After decades at the forefront of emerging-market investment, Mark Mobius is heading into retirement betting the best is yet to come. The 81-year-old money manager kicked off his final television interview before leaving Franklin Templeton Investments on Wednesday predicting developing-nation stocks will set a fresh record this year. That echoed his December forecast that emerging shares will likely surpass the 2007 peak by 20 percent, though he didn’t give a timeframe then. “We’re going to see a pretty good market this year," Mobius said in a Bloomberg Television interview. Earnings momentum will determine which emerging companies perform well in an environment of rising global interest rates, he said. Brazil, Africa, Vietnam and parts of Latin America are attractive due to their exposure to commodities or rising consumer spending, according to Mobius. Commodity-related investments will even outperform technology shares, partly because they’ve been undervalued for a long time, he says. The MSCI Emerging Markets Index rose for a 11th day on Friday, set for the longest winning streak since April 2015. It’s about 6 percent below its record high reached in 2007. As Mobius heads off into the sunset, here are six things you may not have known about the emerging-market legend: Getting It Right Mobius has made prescient calls on some major market movements. He correctly predicted the start of a bull market that began in 2009, snapped up bargains during the Asian financial crisis after Thailand floated its currency in 1997, and bought Russian stocks as panic selling took hold in Russia in 1998. He was also one of the first institutional investors to identify Africa as a promising frontier market, setting up the Templeton Africa Fund in 2012. “The real important change has been the political change -- they’ve moved from socialist, dictator governments to a market-economy model and that is the most incredible change that we’ve seen globally in every continent in most every country,” said Mobius in the Friday interview. “The process is still continuing.” But Not Always Right Still, the investment thesis that Mobius has come to represent has underperformed in recent years. MSCI’s emerging gauge is up 166 percent since its 2009 low, compared with the MSCI World Index’s 224 percent surge. And Mobius himself has had some tough times.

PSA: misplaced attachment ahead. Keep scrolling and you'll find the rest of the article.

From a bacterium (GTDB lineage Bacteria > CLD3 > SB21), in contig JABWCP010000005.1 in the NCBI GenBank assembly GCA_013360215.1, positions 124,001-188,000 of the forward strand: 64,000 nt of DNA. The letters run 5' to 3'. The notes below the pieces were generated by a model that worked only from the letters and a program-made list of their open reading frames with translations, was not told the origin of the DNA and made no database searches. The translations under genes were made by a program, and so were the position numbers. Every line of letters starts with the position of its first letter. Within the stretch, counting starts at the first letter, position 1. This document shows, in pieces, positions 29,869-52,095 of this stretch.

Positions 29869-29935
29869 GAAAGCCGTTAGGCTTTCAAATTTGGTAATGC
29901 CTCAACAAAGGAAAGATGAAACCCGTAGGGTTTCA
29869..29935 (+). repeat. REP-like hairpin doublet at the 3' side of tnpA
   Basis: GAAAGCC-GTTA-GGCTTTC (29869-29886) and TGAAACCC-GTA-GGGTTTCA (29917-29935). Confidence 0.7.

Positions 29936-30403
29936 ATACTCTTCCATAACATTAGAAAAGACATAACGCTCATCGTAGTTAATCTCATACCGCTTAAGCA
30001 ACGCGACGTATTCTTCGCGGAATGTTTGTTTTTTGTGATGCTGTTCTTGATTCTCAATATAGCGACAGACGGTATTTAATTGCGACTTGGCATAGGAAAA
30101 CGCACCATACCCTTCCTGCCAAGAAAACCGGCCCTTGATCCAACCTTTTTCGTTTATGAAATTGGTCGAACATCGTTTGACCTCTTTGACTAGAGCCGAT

After losing a third of his fund’s value in the October 1987 stock-market crash during his first year at Templeton, he decided to diversify his holdings from just five Asian countries to emerging markets such as Argentina, Mexico, Indonesia and Russia. The Templeton Developing Markets Trust, which he co-managed from 1991 to 2017, trailed 80 percent of its peers over the past 15 years, Morningstar data show.Nightclub Pianist Born in Hempstead, New York to a German father and Puerto Rican mother, Mobius grew up on Long Island speaking German and Spanish at home. In 1955, he won a scholarship to study at Boston University and worked as a pianist at a nightclub to help pay for his tuition. He graduated with a bachelor’s degree in fine arts and a master’s in communications before completing a doctorate in economics and political science at Massachusetts Institute of Technology. Yul Brynner Hairstyle Mobius has described his hairstyle as resembling that of film and stage actor Yul Brynner. The look was conceived in the late 1960s after a fire in his apartment damaged his hair and he shaved the rest off, according to a 1997 illustrated memoir. Around the same time, he started his own research business, branching into securities analysis. Then at age 50, he received a phone call from John Templeton, a pioneer in emerging-markets investing, that led to his three-decade career at the fund manager. Books He Wrote Mobius published more than 10 books on investing and economics, including “The Investor’s Guide to Emerging Markets” (1994). And a Japanese publisher has glorified his globe-trotting exploits with a manga-style comic book, chronicling the "Bald Eagle." Mobius Portfolio While Mobius is set to step down in less than a week, this won’t be the last of him as an investor -- he has even revealed his model portfolio. “I’m not retiring,” he said. “I will still continue to invest. But what I would do is and I’m doing is first of all, keep about 20 percent in cash because markets are high. You might want to take advantage of a downturn. And then put about half of the rest in emerging markets generally, globally and the other half in commodity-oriented companies.”